After a turbulent few months in politics, the government’s Divorce, Dissolution and Separation Bill has been reintroduced into parliament for the third time.
The current Bill is identical to the widely-welcomed Bill introduced by the then Lord Chancellor, David Gauke, in June 2019. That first Bill raced through the Second Reading and Committee stage of the House of Commons with cross-party support and without amendment. It was still waiting for Report stage when parliament was prorogued. The same Bill was then reintroduced by the new Lord Chancellor Robert Buckland in October 2019, but fell when parliament was dissolved for the general election.
It is really good news that government and the Ministry of Justice remain fully committed to the Bill. As the MoJ press release pointed out, it is now fifty years since the current divorce law was introduced and reform is long overdue.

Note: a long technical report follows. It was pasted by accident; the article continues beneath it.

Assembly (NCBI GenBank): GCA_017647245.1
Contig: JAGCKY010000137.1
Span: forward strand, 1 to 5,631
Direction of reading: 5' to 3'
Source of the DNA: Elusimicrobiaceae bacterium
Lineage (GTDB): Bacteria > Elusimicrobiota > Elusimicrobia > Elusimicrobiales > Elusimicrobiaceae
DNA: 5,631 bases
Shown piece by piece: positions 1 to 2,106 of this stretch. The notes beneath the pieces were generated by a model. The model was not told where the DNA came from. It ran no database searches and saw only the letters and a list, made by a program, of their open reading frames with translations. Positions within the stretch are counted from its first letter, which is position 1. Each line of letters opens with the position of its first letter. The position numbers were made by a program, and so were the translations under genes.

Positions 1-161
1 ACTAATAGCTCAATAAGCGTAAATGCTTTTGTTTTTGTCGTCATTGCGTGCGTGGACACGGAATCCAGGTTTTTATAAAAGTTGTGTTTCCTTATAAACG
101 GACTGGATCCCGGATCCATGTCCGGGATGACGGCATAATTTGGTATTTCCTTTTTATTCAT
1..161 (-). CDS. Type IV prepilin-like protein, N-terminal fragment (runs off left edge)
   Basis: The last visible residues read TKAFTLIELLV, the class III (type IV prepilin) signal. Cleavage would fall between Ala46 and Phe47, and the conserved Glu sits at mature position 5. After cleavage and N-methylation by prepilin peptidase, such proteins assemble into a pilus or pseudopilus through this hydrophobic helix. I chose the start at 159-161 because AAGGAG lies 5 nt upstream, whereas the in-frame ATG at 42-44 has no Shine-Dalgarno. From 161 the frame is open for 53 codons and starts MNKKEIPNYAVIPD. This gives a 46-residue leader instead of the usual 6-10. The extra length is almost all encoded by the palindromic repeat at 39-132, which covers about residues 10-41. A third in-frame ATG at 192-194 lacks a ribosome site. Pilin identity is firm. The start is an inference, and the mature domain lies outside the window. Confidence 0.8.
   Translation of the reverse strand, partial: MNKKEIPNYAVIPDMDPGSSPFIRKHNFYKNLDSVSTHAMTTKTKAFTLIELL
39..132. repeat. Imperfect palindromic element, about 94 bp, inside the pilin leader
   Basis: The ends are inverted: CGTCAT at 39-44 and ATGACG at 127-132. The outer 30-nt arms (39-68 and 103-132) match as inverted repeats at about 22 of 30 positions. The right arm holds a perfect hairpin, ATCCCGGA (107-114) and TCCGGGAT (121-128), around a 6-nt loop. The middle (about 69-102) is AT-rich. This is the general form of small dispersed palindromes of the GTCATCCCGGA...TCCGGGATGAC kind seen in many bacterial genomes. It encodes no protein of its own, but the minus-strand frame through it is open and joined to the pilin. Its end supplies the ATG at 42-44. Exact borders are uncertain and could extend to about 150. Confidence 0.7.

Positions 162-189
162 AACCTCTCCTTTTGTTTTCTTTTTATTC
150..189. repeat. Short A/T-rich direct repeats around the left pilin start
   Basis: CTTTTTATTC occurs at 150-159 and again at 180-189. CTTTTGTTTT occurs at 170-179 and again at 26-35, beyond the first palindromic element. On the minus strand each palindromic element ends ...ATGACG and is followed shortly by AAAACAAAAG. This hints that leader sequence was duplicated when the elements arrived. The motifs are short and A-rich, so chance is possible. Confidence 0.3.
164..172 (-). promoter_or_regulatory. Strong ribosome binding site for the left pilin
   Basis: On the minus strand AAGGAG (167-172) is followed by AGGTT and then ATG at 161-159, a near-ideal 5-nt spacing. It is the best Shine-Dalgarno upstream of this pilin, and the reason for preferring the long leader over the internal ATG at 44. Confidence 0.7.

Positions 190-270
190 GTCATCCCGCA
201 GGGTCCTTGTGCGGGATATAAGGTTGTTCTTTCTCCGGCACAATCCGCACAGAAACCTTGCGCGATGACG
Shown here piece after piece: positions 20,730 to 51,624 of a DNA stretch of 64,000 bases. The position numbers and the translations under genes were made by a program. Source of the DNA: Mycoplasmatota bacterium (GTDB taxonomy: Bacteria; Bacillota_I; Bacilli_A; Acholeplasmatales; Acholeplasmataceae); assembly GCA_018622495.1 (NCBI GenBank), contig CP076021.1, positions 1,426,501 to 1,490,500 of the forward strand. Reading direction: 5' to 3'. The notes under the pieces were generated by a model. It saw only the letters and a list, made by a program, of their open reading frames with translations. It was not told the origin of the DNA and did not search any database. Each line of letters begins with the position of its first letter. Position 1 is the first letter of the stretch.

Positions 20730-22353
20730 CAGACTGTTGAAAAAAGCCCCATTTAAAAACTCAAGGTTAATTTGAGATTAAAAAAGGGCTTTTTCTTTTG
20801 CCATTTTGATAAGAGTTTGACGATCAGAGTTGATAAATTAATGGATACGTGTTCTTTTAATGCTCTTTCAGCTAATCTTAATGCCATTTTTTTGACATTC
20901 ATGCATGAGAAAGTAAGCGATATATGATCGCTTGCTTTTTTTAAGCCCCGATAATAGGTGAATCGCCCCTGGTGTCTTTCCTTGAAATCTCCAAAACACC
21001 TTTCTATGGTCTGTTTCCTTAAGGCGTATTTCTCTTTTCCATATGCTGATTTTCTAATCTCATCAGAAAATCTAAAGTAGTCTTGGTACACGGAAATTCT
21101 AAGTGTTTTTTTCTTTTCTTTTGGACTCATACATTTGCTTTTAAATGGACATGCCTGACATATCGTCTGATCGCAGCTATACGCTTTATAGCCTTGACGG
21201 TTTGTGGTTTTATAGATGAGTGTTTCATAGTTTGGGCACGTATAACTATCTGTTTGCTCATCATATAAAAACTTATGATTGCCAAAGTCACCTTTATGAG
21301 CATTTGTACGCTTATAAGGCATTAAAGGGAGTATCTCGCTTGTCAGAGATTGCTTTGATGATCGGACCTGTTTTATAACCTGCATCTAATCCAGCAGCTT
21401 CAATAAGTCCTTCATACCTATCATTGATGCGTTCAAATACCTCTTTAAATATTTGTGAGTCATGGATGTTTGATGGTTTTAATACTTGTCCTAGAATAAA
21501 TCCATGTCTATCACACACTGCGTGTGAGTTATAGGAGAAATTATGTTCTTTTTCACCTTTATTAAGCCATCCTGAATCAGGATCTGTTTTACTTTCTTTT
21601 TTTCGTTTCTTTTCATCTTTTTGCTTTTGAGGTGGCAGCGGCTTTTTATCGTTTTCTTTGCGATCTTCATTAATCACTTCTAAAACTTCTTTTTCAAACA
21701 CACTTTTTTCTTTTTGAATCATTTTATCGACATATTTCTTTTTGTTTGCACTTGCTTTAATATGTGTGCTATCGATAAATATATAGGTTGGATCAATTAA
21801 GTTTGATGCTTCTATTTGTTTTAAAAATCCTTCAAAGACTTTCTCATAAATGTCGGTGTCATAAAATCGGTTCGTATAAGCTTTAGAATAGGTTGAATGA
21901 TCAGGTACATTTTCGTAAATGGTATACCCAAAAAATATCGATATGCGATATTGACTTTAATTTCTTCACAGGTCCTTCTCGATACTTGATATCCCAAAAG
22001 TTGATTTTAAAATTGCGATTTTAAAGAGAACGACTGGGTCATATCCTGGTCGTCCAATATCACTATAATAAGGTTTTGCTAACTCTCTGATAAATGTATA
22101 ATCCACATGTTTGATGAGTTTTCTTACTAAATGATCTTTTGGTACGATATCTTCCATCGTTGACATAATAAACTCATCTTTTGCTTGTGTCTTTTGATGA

The Bill very cleverly combines what works about the old law, but removes what causes so much unnecessary harm. It proposes to:
- Retain ‘irretrievable breakdown’ as the sole ground for divorce and civil partnership dissolution
- Change how irretrievable breakdown is proven. A statement of irretrievable breakdown will replace the current five ‘facts’ of adultery, (unreasonable) behaviour, desertion, two year’s separation with consent or five year’s separation
- Introduce a minimum overall waiting period of six months
- Enable joint as well as sole applications
- Remove the ability to contest the divorce or dissolution, other than for fraud, lack of jurisdiction or other procedural irregularities
- Update the terminology, e.g. conditional order rather than decree nisi
For a summary of the research evidence on the need for reform and the likely impact of the Bill see this Finding Fault briefing.
It is critical that this Bill does now reach the statute book. The research case for reform is overwhelming. And the proposals have cross-party and widespread professional and public support. Let’s get it done, as they say.